And you’ve been through several generations of NewTek video switching gear there. What models of that equipment have you used in the church before?
We actually did a program in about ’94 or ’96 and for the program we rented a Video Toaster on the Amiga platform back then. We’ve been watching that product ever since and in 2006 we bought our first TriCaster Pro, the little three-input unit and we bought a VT 4 and upgraded it to a five the next year. [Timestamp: 7:40]
And you’ve probably gotten used to the new features on the NewTek gear as they’ve come along. Seems like it’s pretty simple to use.
Right. It is. It’s very easy to use. We do all of the lighting. We do lighting design. We do all of the sound, sound design, staging, and video with that crew of 10 to 12. [Timestamp: 7:58]
No problems in training people on it. Now, you’ve had the new TriCaster 8000 in there a few times for the big stuff, right?
We had a TriCaster on loan. Our dealer is very easy to work with and when we have a production that’s a little bit outside of what we can do with the 850 and the 455’s, he’ll loan us his 8000 for that event. We do all kinds of stuff here. Truman Library is very close to us and every two years or so they have a large event where they have a guest speaker in and we’ve done President Clinton, we’ve done a number of different well-known political figures. The Chiefs owner, Lamar Hunt, his funeral services were held here. And when we need to do those kind of services and those kind of programs, our supplier’s been very, very generous in letting us have the equipment. [Timestamp: 8:56]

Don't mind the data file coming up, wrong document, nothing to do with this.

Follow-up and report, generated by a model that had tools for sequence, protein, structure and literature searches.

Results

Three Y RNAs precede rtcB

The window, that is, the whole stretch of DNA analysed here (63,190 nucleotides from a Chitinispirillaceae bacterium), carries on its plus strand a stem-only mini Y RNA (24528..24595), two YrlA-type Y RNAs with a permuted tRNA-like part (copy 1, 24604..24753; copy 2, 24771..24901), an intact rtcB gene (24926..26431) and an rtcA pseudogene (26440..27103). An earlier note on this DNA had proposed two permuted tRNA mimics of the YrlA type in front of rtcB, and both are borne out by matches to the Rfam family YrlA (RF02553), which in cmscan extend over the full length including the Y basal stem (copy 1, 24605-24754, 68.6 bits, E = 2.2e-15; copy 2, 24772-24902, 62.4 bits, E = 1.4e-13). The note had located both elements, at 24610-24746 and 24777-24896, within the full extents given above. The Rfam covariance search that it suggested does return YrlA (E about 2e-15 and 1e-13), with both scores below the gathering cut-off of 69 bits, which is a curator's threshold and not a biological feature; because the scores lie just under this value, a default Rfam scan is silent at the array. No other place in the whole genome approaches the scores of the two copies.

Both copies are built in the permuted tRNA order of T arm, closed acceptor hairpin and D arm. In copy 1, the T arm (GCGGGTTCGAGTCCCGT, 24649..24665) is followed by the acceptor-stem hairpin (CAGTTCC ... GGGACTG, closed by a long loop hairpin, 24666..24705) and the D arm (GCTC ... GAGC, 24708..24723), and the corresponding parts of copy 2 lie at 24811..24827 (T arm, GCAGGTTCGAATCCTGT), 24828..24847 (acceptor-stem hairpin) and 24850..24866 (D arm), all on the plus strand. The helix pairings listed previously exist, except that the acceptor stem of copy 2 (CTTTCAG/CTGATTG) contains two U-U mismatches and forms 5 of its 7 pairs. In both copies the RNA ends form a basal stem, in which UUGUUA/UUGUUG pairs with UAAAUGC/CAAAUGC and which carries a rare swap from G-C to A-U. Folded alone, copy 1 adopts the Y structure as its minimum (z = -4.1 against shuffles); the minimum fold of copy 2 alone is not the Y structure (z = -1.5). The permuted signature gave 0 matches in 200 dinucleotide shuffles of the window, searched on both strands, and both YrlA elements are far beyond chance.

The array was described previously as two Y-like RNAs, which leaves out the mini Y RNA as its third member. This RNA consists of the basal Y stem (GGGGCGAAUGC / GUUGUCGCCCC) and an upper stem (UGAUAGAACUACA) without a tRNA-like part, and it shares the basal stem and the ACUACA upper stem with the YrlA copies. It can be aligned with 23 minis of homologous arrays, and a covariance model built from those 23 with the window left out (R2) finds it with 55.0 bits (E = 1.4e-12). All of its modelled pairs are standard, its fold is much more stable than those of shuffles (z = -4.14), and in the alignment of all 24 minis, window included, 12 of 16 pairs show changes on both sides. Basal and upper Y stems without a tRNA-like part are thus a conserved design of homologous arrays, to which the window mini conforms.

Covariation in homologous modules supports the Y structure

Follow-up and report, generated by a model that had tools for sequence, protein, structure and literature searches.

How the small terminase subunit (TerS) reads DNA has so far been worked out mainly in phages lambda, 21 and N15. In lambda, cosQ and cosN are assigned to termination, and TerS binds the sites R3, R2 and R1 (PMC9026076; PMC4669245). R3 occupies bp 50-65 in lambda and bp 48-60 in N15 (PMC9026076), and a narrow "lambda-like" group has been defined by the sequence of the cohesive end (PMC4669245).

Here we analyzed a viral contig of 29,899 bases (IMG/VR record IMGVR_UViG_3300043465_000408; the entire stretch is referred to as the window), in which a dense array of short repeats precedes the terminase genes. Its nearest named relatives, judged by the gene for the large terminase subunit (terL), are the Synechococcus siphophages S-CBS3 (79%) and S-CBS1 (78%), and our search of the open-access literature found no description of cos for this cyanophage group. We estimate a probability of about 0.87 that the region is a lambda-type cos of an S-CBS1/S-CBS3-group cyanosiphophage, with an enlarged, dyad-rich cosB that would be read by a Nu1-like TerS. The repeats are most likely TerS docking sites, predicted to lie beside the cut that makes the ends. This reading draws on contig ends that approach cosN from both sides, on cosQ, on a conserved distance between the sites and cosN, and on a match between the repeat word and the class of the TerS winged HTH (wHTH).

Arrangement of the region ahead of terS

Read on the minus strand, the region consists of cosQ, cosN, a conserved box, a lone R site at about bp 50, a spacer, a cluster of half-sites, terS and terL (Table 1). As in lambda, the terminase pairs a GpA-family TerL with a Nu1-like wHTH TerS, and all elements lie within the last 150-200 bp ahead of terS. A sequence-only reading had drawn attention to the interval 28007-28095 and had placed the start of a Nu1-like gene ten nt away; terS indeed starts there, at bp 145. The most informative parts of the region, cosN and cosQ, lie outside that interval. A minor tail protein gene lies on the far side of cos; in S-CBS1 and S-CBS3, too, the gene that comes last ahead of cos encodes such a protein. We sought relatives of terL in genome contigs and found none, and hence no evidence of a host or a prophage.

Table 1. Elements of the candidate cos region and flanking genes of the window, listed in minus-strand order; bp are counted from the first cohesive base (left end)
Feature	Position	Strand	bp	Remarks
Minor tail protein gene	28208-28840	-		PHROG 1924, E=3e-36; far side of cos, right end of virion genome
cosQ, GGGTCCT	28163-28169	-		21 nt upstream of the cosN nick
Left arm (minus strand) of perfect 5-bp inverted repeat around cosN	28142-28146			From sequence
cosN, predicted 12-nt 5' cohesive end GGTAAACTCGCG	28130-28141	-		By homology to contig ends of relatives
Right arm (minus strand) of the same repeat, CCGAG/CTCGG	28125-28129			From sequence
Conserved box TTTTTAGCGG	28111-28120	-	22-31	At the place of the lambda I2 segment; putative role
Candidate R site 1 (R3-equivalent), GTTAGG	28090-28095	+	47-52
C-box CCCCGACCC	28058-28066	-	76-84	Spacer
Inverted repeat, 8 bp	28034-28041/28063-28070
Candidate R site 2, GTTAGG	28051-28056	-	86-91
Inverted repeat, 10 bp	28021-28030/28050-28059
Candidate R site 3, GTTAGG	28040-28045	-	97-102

The 8000 I think has a feature called hotspots on it?
Yes, it does.
How does that work?
What we used it for, during our international conference we use a deaf signer and put the deaf signer in a small studio area and we set them up with the hotspot motion to be able to swipe and actually do the transition to take them on and off-screen so that when they’re changing seats, changing personnel or they don’t need to be on screen, they’re not just sitting there as an entity onscreen doing nothing. And they don’t also have to that way get the attention of the switcher or anything. They can gesture to the side, it dissolves them out of the picture. We also set up a second hotspot that would move them from the bottom right to the top left depending on how the PowerPoint was designed or what other elements were onscreen at the time so they could actually shift where they were on the screen. [Timestamp: 10:02]
Oh that’s great. So your folks don’t have to be totally familiar with the format of each show as much as the people coming in with it. You can just give the clients a degree of control over what they’re doing with the hotspot feature.
Right. And they took a little training with it because they’re not used to that kind of accessibility, and once they started doing it they were very comfortable with it. It was very natural. [Timestamp: 10:24]
OK, well it sounds like a pretty effective system and easy to train people on. Thanks for telling us about it, Bob. Bob Haworth at the Community of Christ Church in Independence, Mo. Thanks for being with us.
All right. Thank you.